work hard. play hard.

I had some incredibly hard working students at the recent North Country Studio Workshops class I taught at Bennington College. I highly recommend this biannual event.

Bennington College is in Vermont so the weather outside was cold. But the heat generated inside via creativity and the boiler system was unmatched. On the first night of introductions I met professional artists of all stripes. They are avid students with energy and a sense of camaraderie that made me feel welcome at once.

Here's a sampling of the many pieces we all worked with this past week at North Country Studio Workshops

We experimented with textural effects, line quality and trusting the thread to tell us where it wanted to go. I wish now that I had taken a photo of each and every one of these practice squares so that I could remember some of the ways my students explored the techniques. These students were serious worker bees and very talented.

Every time I teach these techniques I learn something new from my students. They energize me and inspire me.

I'm looking forward to the next opportunity at the Hudson River Valley Fiber workshops in April. Sign up now! I would love to work with you and learn from you too.

Emigrating to Norway

Glyphs is on a journey. Maybe lost, maybe stored in a warehouse in Florida, maybe in a customs house in Norway. Maybe hanging in someone's home between here and there. I shipped it on December 10, 2017 along with a few little scraps of raw materials for my friend Kerri.

And now it's lost.

The USPS doesn't really have an answer for me about where it might be. Their tracking is limited to this: The package arrived safely in Miami on December 11 -- not quite what I expected from a tracking process. Our local post office is no help.

I have shipped many pieces to many places. I've never had a piece disappear so thoroughly before. It's a little like watching a child go off to college. Though I am reassured by many folks telling me it may yet turn up this is a real test of letting go for me.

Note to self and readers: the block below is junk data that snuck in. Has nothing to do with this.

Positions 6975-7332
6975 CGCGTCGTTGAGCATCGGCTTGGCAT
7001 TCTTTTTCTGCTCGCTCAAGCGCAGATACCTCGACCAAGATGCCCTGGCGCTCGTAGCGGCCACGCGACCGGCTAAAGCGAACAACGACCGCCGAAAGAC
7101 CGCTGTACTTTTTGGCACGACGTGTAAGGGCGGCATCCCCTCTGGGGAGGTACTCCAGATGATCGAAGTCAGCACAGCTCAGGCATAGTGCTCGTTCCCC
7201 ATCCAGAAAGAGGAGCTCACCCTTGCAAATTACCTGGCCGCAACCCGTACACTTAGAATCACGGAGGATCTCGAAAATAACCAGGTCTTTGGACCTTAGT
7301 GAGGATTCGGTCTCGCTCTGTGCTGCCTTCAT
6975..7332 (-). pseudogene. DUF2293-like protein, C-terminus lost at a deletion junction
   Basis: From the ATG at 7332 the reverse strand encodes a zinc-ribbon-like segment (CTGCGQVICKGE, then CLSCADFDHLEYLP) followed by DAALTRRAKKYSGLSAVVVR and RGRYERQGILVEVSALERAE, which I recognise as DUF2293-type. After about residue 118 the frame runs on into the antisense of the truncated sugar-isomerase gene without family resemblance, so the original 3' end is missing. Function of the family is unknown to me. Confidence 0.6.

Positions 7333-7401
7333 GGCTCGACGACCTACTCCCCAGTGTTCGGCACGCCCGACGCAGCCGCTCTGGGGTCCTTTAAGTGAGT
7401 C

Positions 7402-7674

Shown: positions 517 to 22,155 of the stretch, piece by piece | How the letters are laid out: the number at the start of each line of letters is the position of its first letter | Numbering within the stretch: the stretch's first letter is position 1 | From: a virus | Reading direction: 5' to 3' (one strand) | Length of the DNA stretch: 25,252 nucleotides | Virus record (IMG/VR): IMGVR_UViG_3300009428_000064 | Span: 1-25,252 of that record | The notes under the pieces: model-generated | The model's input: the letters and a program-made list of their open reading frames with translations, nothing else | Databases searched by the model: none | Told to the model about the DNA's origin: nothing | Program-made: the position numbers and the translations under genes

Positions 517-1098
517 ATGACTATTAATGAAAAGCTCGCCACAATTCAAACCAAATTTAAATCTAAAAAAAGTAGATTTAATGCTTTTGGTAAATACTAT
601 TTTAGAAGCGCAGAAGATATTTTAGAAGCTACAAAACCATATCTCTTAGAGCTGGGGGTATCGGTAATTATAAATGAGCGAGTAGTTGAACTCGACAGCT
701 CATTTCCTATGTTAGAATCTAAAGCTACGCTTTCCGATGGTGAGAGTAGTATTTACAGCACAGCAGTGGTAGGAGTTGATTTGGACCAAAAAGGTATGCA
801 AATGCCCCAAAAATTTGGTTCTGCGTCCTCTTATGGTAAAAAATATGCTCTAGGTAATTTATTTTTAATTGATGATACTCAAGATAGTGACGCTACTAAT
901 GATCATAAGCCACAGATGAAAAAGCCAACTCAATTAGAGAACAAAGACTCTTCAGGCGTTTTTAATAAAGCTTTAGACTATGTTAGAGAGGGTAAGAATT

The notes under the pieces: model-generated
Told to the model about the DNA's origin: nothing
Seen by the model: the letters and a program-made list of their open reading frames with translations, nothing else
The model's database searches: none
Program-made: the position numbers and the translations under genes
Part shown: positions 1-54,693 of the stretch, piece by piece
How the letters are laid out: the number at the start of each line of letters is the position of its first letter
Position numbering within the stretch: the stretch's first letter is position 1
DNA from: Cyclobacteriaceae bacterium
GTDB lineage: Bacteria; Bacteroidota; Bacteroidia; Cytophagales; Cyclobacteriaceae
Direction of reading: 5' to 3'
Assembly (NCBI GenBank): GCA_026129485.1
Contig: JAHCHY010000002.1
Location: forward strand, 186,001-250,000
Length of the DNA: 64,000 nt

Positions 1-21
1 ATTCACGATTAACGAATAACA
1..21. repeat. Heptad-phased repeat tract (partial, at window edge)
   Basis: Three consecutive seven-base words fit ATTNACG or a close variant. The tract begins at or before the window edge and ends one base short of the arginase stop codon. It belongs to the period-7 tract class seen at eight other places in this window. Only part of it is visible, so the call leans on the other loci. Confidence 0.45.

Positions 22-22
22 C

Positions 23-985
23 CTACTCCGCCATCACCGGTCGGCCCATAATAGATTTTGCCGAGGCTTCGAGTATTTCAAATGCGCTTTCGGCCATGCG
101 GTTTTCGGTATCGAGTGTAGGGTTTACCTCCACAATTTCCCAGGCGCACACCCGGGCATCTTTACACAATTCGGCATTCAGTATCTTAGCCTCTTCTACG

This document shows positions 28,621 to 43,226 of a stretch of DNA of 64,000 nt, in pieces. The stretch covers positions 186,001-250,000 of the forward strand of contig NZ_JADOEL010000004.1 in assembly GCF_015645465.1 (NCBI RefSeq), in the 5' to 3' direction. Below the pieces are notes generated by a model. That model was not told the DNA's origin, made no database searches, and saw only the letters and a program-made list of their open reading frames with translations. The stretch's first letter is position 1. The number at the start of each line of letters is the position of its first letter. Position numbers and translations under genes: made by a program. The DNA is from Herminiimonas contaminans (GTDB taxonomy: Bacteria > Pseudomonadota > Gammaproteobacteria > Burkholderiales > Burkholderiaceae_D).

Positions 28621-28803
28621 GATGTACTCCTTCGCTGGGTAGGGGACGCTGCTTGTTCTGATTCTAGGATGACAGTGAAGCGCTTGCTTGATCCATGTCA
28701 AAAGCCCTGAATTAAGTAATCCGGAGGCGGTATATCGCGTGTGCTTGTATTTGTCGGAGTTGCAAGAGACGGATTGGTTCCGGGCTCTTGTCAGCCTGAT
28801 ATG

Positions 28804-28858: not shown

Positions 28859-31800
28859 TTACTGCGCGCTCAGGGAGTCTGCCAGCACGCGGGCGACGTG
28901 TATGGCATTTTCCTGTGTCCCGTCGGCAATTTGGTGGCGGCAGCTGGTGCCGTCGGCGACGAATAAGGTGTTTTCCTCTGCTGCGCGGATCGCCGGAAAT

It seems ironic that the news is filled with the idea of immigrating Norwegians when my piece is emigrating to Norway. I hope it learns a new language soon.

ends and beginnings

I emptied my thread ends box today. It held the threads that didn't get used on a piece this year. These threads were active players without a field to play in. They came into existence at the end of thoughts rather than the beginnings. They got snipped off and thrown to the side after trying hard to be part of the team. There are a lot of them.

I've grown used to not being satisfied with each and every work that I create. Like these thread ends some work just doesn't work. The process of creating has become more important to me than the finishing up. For each work that gets finished I estimate that there are two or three pieces that get thrown under the table. Thus, I have fallen in love with my rotary cutter, it facilitates my cut-up-and-rework frame of mind. I am beginning to see a signature style in all of the work. I am drawn to black. I like surprises and there is an undertow of anxiety in all of them.

Cut-up-and-rework pieces

I named the work I finished: Aquifer, Beast, Chaos Ensues, Focus on Something Else, Glyphs, I Need a Third Eye, Ladder to Elsewhere, Looking for the Pattern that Connects, Signals, Thugs, Unglued, and Unmapped.

Some finished pieces

And now I am working on a piece called Ship of Fools.

Ship of Fools work in progress

2018 will be filled with new challenges: a one man show at a local art museum, a proposal to a local venue for a juried show in Memphis, several teaching positions and days and days of continuing my work. It's those last items that I look forward to the most. They provide a silence and thoughtfulness that fills me up.